Background: The epidemiology of tuberculosis (TB) is changing in the United Kingdom and globally. Childhood TB is a key indicator of recent transmission and provides a marker of wider TB control. We describe the recent epidemiology of childhood TB in the United Kingdom, how this compares to TB in adults, and document changes with time. Methods: TB cases notified in the United Kingdom between 2000 and 2015 were categorized as children (<15 years of age) or adults (≥15 years of age). Descriptive analyses were carried out on demographic, clinical and microbiologic data. We carried out logistic regressions to identify risk factors associated with children having no microbiologic confirmation. Results: In the study period, 6293 TB cases (5%) in the United Kingdom were notified in children. Childhood TB incidence declined from 487 cases in 2000 (3.4 per 100,000) to 232 cases (2.0 per 100,000) in 2015. The majority (68%) of children with TB were UK born, with a high proportion of Pakistani (24%) and Black-African (22%) ethnicity. Sixty-four percent of children had pulmonary disease. Culture confirmation was low (24%). Children who were younger, UK born and those with extrapulmonary disease were less likely to have microbiologically confirmed TB. A high proportion (87%) of children completed treatment at last-recorded outcome, with few deaths (39 cases; 0.7%). Conclusions: The incidence of TB in children in the United Kingdom has decreased in the past 16 years, with the majority of children completing TB treatment. Ongoing monitoring of childhood TB will provide a measure of the effectiveness of the national TB program.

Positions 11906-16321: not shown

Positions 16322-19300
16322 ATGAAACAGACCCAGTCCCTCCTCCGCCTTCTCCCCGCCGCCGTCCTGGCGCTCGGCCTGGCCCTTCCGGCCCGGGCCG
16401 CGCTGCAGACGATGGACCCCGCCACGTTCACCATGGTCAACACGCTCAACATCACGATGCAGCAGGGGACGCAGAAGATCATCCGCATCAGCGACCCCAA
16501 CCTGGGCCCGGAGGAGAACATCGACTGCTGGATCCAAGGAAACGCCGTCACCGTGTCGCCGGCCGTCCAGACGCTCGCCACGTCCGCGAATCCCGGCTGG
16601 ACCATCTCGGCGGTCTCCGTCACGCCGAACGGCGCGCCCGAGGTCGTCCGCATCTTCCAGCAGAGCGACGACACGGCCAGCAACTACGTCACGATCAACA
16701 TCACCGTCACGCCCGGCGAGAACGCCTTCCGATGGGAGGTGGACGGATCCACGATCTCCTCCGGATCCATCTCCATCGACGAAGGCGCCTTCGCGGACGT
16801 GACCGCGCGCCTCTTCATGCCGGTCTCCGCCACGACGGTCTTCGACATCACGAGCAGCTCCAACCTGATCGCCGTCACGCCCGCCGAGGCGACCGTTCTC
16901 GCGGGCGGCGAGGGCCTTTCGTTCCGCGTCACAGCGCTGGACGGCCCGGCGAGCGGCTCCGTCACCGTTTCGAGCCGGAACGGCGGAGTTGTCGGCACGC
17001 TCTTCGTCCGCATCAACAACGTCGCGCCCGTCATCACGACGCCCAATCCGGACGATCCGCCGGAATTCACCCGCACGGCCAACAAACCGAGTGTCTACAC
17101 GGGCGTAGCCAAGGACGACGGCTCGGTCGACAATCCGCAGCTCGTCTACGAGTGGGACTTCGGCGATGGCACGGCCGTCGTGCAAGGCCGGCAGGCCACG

Bibliographical notePublisher Copyright:
© 2018 Wolters Kluwer Health, Inc. All rights reserved.
- United Kingdom